In light of this, smaller more specialised distribution services are becoming more important. Itch.io, an “indie game marketplace and DIY game jam host” is already hugely popular in the indie scene, offering pay-what-you-want and minimum-pricing models. Just last year, Itch’s co-founder Leaf Corcoran revealed in a blog post about the site’s finances that they had paid out $393,000 to developers. Since then, the platform has only grown and it’s likely that we’ll see more specialised distributors following Itch’s model.

7. The rise of indie studios …

8. Rejecting crunch

Crunch, ie mandatory (and often unpaid) overtime in the weeks or months leading to a game’s release, has long been an issue for this industry. More than a decade since Erin Hoffman wrote about her husband’s experiences of unpaid overtime when working for EA, in an originally anonymous blog post known at the time as “EA Spouse”, crunch is still commonplace in studios of all sizes, and people are still fighting it.

At this year’s Develop, Machine Studios (Maia) founder Simon Roth gave a talk called “Killing the Indie Crunch Myth: Shipping Games Alive”, which began tweet:
People who support crunch are going against 100+ years of data and science. They are the flat earthers of software development.

9. Design that puts feelings first

The design practice underlying Hunicke’s studio Funomena, and the focus of her keynote, is one she calls “feel engineering”. As Hunicke describes it: “Feel engineering is the process by which you create a game backwards from the feeling you want to create in a person forward towards the mechanics and the dynamics of the game itself.” She notes that while feel engineering isn’t easy, due to its time commitment, high cost, and level of emotional investment asked from development teams, it’s worth it. Hunicke speaks to the positive studio culture of feeling-focused engineering, and its contrast to the toxicity of crunch is evident. “The process of making it is so delightful,” she adds. “It’s so much better than anything I’ve ever done.”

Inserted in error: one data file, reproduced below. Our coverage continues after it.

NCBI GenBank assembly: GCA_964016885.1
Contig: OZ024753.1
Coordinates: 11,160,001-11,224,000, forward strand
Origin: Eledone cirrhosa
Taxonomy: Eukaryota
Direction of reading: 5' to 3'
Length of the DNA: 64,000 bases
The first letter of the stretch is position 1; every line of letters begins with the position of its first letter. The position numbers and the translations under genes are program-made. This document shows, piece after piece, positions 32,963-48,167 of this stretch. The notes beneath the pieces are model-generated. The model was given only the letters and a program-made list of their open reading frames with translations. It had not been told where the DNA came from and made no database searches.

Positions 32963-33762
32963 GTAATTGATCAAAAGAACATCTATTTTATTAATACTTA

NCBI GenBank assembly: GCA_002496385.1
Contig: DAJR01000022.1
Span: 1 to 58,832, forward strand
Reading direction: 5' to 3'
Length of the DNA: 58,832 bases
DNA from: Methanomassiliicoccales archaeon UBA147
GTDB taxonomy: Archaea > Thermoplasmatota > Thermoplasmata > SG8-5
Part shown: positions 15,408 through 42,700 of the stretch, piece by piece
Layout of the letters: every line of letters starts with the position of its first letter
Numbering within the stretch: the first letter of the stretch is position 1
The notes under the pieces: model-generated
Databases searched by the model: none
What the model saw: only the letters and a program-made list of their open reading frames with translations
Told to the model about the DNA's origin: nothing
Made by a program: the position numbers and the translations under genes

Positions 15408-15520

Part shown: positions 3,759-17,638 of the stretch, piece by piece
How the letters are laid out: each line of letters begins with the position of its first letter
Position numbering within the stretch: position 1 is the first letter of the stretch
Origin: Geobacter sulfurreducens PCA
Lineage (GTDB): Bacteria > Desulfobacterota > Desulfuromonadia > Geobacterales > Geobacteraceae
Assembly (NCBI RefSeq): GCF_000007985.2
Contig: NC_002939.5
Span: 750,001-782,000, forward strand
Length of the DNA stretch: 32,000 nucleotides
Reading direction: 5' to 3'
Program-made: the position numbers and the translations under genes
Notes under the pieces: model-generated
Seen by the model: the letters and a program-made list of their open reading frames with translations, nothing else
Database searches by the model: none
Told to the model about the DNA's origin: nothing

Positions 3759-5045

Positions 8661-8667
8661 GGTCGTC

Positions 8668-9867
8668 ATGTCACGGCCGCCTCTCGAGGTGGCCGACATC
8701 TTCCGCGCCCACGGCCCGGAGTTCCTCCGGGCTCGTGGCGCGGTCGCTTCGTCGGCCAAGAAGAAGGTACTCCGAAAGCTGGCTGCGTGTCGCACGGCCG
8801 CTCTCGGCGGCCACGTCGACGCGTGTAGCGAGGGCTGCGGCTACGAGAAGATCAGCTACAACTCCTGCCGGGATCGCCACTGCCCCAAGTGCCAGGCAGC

We’ve already seen aspects of feel engineering in the mobile market, with games looking to reverse-engineer social situations people already find fun. Haslam outlines how the design of “co-operative shouting game” Spaceteam was inspired by the social experience of playing a board game with friends, an experience its lead designer Henry Smith already enjoyed.

10. Trying – and failing …

11. Feeling twitchy about YouTube and Twitch"
games  gaming  videogames  future  2016  vr  virtualreality  ar  augmentedreality  youtube  twitch  funomena  kickstarter  crowdfunding  indiegames  design  gamedesign  spaceteam  social  collaboration  braid  worldofgoo  steam  itch.io  mobile  phones  smartphones  pokemongo  keitatakahashi  robinhunicke  thatgamecompany  ghislaineboddington  body>data>space  bodies  play  physical  oculusrift  ramiismail  jordanericaebber  katbrewster  pokémongo  body 
july 2016 by robertogreco
Born to Sell: How Indie Games Went Mainstream At E3 - Forbes
"The idea of an “indie” has always been reactionary, an attempt to reverse the momentum of industrialization by stripping creative production to a poetic minimum.. The indie designer has become a romantic fixation for videogame culture in recent years, something that’s given an industry calcifying around expensive sequels a sense of creative momentum and social purpose it wouldn’t otherwise have had. The improbable successes of Minecraft, Braid, Gone Home and Superbrothers: Sword and Sworcery EP show that it’s not the commercialization of creative sharing that’s corrupt, but only the industry’s least ethical practitioners, the handful of conglomerates like Ubisoft and EA and Activision.